Last Wednesday, the Centers for Medicare & Medicaid Services Office of the Actuary released its forecast of national health care spending, concluding that health spending growth in 2013 “is expected to have remained slow, at 3.6 percent … but the combined effects of the Affordable Care Act’s coverage expansions, faster economic growth and population aging are expected to fuel health spending growth this year and thereafter (5.6 percent in 2014 and 6 percent per year for 2015–23).” Actuaries noted that the 3.6 percent annual growth in spending was the fifth consecutive year of less than 4 percent annual growth, attributing the slowdown to the combined impact of a tepid economic recovery that reduced utilization and the ACA’s downward pressure on prices.

This report followed two other government reports released in the previous two weeks:

The Department of Commerce reported about consumer spending for the second quarter, showing increased pressure on household pocketbooks. Its highlights:

  • Real personal consumption expenditures increased 2.5 percent, while real disposable income grew by 1 percent.
  • Household spending declined 0.1 percent in July.
  • Personal income (income from wages, investment and government aid) rose 0.2 percent — the lowest monthly increase this year.
  • The gross domestic product contracted to an annual rate of +2.1 percent.

And the Congressional Budget Office updated its budget forecast, concluding …

  • The deficit for fiscal 2014 will be $506 billion, an increase from the CBO’s April forecast of $492 billion (fiscal 2013 actual: $680 billion).
  • The GDP will grow by 1.5 percent in 2014, a downward estimate from the CBO’s April forecast of 2.6 percent.
  • Annual net outlays for all the government's major health care programs will increase 85 percent in 10 years. Spending on the federal government's major health care programs, net of offsetting receipts, will increase from 4.9 percent of GDP in 2014 to 5.9 percent of GDP in 2024.
  • In the current fiscal year, 2014 (which ends Sept. 30), net spending for Medicare will increase 2 percent, but spending for Medicaid will rise 15 percent, primarily as states expand Medicaid eligibility under the Affordable Care Act.

So, what do these numbers really mean, especially to hospitals and health systems that have seen average operating margins shrink to 2.1 percent in 2013 from 2.5 percent in 2012?

First, it means hospitals face tough negotiations with health insurers, who will use the ACA’s trajectory from fee for service to performance-based payments to providers to aggressively expand bundled payment programs and use narrow networks and reference pricing to garner better deals for their enrollees.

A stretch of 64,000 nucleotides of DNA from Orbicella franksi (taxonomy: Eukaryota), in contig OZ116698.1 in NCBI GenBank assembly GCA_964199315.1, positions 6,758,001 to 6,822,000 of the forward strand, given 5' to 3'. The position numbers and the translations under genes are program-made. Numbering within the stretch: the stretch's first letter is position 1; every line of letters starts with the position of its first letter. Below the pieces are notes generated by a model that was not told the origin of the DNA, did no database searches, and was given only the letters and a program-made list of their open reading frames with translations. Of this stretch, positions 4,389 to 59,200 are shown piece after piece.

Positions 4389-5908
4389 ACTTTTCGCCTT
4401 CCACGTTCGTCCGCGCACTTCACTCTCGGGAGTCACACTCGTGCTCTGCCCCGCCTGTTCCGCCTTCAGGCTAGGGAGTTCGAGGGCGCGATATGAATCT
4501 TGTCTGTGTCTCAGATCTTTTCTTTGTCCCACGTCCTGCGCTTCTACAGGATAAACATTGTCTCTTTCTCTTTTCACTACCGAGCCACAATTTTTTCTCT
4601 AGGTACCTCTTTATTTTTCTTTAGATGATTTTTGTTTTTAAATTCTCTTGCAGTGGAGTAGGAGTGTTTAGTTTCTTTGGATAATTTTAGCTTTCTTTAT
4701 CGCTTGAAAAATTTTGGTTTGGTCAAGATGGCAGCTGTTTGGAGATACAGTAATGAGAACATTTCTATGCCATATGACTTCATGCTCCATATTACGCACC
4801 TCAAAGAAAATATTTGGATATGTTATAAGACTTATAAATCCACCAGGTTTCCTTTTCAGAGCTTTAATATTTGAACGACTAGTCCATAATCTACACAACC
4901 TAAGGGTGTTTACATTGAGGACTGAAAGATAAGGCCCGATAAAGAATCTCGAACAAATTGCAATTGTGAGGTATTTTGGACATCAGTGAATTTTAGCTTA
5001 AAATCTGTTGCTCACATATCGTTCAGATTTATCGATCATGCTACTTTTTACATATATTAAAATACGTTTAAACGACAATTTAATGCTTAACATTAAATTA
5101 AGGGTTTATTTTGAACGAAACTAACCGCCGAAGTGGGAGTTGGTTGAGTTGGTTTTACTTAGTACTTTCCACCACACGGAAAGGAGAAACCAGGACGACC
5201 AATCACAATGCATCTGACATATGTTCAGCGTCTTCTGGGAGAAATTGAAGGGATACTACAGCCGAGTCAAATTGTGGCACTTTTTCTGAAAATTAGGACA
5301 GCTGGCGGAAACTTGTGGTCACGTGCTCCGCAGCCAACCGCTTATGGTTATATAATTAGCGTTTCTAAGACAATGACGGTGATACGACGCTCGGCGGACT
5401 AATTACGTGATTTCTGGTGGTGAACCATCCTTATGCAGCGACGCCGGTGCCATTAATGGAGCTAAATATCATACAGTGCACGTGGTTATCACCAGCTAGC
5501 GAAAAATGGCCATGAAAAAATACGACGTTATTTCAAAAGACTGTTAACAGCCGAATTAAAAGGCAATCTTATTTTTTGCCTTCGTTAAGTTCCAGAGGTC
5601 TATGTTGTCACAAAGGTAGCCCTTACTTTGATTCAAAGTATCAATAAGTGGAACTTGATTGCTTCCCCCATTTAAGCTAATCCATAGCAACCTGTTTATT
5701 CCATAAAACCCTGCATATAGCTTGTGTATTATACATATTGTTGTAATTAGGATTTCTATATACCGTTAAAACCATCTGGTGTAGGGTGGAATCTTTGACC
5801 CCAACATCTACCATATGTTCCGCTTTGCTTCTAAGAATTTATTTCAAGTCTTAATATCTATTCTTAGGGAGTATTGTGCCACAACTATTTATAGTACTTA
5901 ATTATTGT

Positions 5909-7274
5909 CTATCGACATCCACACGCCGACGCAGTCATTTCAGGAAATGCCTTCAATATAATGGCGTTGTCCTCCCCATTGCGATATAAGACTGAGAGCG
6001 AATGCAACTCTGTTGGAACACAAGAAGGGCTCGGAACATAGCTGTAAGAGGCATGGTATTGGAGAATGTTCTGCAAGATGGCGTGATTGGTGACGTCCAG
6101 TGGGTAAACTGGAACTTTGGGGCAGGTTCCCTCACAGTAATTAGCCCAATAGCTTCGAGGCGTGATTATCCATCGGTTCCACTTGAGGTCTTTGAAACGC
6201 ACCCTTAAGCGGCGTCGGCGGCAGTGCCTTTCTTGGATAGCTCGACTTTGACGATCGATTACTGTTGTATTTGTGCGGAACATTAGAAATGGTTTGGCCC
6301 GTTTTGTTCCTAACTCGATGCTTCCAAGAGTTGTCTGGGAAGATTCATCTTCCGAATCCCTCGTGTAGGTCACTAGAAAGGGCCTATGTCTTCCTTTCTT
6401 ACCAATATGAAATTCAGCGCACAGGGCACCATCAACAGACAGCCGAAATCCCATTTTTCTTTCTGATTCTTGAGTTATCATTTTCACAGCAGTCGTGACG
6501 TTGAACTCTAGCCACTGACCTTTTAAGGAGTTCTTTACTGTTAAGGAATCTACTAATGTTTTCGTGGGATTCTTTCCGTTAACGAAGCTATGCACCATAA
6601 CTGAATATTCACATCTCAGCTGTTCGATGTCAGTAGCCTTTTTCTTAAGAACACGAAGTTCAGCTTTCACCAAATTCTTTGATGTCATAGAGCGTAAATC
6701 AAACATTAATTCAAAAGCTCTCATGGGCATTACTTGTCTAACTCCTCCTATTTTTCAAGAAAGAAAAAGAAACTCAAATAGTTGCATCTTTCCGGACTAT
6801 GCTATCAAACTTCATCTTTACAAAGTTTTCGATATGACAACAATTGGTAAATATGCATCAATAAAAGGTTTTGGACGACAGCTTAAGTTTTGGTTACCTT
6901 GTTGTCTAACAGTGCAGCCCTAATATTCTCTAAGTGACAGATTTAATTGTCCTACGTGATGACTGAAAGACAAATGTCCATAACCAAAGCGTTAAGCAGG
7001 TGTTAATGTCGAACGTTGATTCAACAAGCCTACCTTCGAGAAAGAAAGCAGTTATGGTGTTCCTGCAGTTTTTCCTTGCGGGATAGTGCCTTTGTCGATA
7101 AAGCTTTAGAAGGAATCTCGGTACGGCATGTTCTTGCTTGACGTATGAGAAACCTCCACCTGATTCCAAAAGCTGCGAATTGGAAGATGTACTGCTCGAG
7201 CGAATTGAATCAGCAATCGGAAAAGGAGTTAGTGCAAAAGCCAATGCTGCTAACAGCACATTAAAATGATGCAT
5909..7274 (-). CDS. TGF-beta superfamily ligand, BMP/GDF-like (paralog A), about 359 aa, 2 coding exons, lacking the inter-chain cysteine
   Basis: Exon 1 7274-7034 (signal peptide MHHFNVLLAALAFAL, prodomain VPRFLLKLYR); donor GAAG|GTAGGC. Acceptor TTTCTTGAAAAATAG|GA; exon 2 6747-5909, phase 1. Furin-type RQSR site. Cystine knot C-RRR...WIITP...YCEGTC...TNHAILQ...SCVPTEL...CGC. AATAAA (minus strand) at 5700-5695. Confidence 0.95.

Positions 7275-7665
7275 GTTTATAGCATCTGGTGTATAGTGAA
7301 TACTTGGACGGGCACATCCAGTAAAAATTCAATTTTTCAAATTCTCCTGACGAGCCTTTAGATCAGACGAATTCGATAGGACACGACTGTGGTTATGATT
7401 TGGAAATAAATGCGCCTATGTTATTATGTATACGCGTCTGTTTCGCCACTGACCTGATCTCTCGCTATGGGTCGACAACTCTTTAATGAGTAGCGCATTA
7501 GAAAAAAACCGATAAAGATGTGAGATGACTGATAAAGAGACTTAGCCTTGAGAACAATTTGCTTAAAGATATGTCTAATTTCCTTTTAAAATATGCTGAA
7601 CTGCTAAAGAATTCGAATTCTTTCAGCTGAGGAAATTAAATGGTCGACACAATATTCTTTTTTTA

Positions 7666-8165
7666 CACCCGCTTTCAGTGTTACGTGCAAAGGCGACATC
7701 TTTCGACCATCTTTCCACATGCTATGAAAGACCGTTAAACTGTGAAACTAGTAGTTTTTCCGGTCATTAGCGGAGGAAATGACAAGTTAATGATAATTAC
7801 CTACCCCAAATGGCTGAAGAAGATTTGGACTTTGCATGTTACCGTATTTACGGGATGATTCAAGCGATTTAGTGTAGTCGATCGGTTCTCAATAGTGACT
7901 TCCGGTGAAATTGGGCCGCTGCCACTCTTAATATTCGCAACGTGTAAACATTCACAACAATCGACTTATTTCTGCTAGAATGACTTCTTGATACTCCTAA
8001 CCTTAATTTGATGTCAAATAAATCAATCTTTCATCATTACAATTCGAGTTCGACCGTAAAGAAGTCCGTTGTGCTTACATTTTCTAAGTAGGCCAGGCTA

Second, it means consumers increasingly will shoulder more of the burden of health costs directly, through premiums, co-payments and deductibles, accelerating price sensitivity for hospital and physician services, and increasing bad debt as their bills go unpaid.

Third, it means large employers will become more active as purchasers, seeking opportunities to contract directly with providers who can accept risk for high-quality, low-cost guarantees.

Fourth, it means operating margins for doctors, hospitals and post-acute providers will shrink, accelerating vertical integration into care management organizations that focus on scale, growth and diversification.

And last, it means the gap between household income gains that are substantially lower than health care spending — 5.6 percent per year — will spark a renewed public debate about the sustainability of the U.S. health system as it currently operates. The disconnect hits younger households hardest: the millennials and young Gen Yers might start an “occupy health care” movement to replace the current system with something else.

The government’s data clearly point to the reality that health care is a significant element of our economy; as such, it is not insulated from the realities of our marketplace. If health care becomes 20 percent of the GDP in our economy as predicted by the actuaries in this report, will it do so on the backs of fewer and fewer privately insured patients (consumers) and employers that provide the bulk of its profits, or will these stakeholders cry uncle and look to reset the health system altogether?

What’s clear from these reports is this: If health spending soars back to 6 percent annual growth, there will be winners and losers in each segment of the industry. Some hospitals and health systems will be too big to fail, and many too small to scale.

Paul H. Keckley, Ph.D., a health economist and expert on U.S. health reform, is managing director at the Navigant Center for Healthcare Research and Policy Analysis. His H&HN Daily column appears the first Monday of every month. He is a member of Health Forum's Speakers Express. For speaking opportunities, contact David Parlin.